In the new, President Trump era, Aggressive Fact Checking is the new thing.
You’d think it should have been all along, but that’s not the case. I will tell you, having worked in news that it can be a high deadline, short attention span, quick turn-around situation. For years I’ve felt that news has become talking heads saying whatever they want and a host stopping them short to say “We’re out of time. More another time.” With the rush to get content out in front of people, actual journalism has suffered. While that meant more control for many of my clients, it also meant that those of us receiving information can’t tell fact from opinion or lie or emotional statement or “alternative facts.”
Kellyanne Conway, special advisor to the president sited “alternative facts” on NBC’s “Meet the Press.” It may be an important moment for journalism. I think the media has gone from being asleep at the wheel to opening their eyes and ears to what people say … and are trying to keep more people accountable. This can become a good thing.
After the recent election here in the U.S., Facebook vowed to root out “fake news.” Then enlisted the help of the website “snopes” which focuses on separating fact from truth on the internet. (Facebook’s Fake News Crackdown: It’s Complicated Bloomberg–Nov 23, 2016) . This new task will require some constant re-adjusting. Thankfully this is becoming a priority at a time when anyone with a smart phone can become their own media outlet. This is something I encourage subject matter experts and entrepreneurs to do, become the media. I should probably add in that facts still count.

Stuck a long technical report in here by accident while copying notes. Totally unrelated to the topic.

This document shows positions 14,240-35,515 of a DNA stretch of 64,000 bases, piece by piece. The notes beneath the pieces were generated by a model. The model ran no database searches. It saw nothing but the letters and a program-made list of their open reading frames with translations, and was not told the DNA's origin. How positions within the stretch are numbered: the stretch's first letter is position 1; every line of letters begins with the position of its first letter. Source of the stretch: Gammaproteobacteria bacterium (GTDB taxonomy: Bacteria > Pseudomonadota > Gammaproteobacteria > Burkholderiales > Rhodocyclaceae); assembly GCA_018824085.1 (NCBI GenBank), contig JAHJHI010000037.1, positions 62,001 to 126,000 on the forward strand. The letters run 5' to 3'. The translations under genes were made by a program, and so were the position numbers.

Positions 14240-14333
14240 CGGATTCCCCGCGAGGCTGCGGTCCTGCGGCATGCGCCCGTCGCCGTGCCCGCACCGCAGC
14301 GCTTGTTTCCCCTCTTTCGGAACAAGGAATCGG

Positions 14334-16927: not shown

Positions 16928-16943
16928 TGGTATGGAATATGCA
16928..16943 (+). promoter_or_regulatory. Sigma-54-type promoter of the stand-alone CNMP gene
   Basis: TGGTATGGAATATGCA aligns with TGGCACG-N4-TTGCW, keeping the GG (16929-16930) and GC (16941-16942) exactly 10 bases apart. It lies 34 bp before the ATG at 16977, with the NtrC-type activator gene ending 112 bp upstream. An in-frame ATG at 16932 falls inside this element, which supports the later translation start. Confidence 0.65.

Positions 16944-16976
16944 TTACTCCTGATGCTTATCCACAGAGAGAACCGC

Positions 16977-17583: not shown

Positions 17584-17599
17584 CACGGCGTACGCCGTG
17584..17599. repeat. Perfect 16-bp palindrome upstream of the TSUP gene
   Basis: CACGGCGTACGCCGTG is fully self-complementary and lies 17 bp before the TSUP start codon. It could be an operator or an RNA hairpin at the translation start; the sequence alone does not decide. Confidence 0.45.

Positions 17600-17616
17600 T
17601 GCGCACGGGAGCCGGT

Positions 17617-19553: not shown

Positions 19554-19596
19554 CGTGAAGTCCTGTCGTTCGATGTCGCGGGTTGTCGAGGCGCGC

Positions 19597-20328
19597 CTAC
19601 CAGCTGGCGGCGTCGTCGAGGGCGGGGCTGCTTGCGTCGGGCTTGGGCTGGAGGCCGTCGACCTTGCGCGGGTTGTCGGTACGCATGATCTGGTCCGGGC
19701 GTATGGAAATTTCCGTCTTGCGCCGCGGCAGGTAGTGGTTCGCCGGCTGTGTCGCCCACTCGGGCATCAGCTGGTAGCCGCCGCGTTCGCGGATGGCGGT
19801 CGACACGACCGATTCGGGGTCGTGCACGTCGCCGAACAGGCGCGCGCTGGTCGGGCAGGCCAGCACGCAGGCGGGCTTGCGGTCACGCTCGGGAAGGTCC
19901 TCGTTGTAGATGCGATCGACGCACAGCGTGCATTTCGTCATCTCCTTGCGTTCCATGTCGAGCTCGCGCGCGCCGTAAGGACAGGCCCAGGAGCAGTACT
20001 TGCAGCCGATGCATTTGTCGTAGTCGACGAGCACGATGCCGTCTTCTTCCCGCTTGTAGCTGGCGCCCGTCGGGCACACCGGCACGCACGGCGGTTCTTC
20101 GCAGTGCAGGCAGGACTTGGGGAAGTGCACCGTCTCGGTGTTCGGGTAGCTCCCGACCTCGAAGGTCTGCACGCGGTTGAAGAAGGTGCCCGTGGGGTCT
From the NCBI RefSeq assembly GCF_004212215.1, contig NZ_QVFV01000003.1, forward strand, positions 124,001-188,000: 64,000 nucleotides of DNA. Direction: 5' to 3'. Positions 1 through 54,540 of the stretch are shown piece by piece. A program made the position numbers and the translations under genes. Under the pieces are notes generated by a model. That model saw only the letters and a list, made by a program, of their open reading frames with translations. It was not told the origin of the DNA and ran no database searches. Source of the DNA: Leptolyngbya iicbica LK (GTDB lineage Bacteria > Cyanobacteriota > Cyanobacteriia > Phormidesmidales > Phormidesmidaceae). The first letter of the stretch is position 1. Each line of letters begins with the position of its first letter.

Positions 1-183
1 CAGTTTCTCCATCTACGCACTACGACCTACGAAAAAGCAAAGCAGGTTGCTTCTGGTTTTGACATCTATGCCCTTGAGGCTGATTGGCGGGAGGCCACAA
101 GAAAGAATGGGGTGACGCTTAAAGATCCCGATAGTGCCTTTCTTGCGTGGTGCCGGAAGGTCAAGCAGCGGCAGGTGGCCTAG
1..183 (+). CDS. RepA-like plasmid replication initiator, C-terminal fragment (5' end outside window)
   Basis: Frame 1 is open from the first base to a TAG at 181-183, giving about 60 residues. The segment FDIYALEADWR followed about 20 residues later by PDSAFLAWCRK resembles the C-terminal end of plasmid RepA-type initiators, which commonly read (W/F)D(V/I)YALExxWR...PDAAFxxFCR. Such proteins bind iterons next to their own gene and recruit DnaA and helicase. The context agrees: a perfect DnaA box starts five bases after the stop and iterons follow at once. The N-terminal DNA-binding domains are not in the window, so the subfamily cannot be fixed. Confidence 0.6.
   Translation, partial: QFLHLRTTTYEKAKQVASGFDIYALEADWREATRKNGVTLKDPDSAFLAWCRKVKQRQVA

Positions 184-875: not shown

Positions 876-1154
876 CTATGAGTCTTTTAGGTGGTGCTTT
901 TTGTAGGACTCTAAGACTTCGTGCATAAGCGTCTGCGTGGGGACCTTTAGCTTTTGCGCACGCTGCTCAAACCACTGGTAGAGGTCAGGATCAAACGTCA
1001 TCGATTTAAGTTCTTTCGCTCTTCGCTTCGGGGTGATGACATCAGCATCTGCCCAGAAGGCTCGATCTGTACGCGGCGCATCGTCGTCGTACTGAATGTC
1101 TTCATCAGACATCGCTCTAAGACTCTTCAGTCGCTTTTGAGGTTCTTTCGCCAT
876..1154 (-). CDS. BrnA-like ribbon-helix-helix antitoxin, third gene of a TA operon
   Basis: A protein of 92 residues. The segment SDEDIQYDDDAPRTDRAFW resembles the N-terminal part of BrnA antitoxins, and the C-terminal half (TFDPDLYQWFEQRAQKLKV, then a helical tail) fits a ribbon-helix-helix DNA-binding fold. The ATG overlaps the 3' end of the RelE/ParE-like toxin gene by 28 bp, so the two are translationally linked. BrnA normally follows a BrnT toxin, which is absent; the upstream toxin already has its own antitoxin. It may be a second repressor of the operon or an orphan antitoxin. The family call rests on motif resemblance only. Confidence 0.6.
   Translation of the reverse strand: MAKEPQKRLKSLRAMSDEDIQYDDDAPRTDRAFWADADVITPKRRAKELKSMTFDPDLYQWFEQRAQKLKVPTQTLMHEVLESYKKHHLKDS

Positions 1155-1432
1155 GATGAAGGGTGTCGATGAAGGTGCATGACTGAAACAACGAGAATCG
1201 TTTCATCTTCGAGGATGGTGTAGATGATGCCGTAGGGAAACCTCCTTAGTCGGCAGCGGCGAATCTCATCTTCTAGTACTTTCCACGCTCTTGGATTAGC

The current administration has said that they view the press as the opposition. The good news, according to an AP story, this just might be reinvigorating it. More facts and fact checking is a win for all of us.
FACTS VS BELIEFS
So… in an age where a politician (or anyone) can be held accountable moments later by the digital public, why lie or share unconfirmed facts? What we are learning is what marketers have known for years. We respond best to emotion. We may know a fact or know that we don’t have all the facts, but our emotions create a gut feeling. We are taught to acknowledge our gut feelings and go with them.
Even when a politician is called out for wrong information, many of those who heard the information the first time will not hear the corrections. What they are left with is the emotions they felt. Maya Angelou said it best,
“I’ve learned that people will forget what you said, people will forget what you did, but people will never forget how you made them feel.”
It’s a new world now. Even the phrase “fact-checking” was considered too toxic when Dallas’ WFAA-TV named its “Verify” segment. Wow. Talk about emotions running high.
Ultimately it’s up to us to find that important mix of facts and emotion. When we add in our authentic self, it becomes a sweet spot for connecting with others
Try fact–checking yourself for a change – Baltimore Sun–Feb 3, 2017
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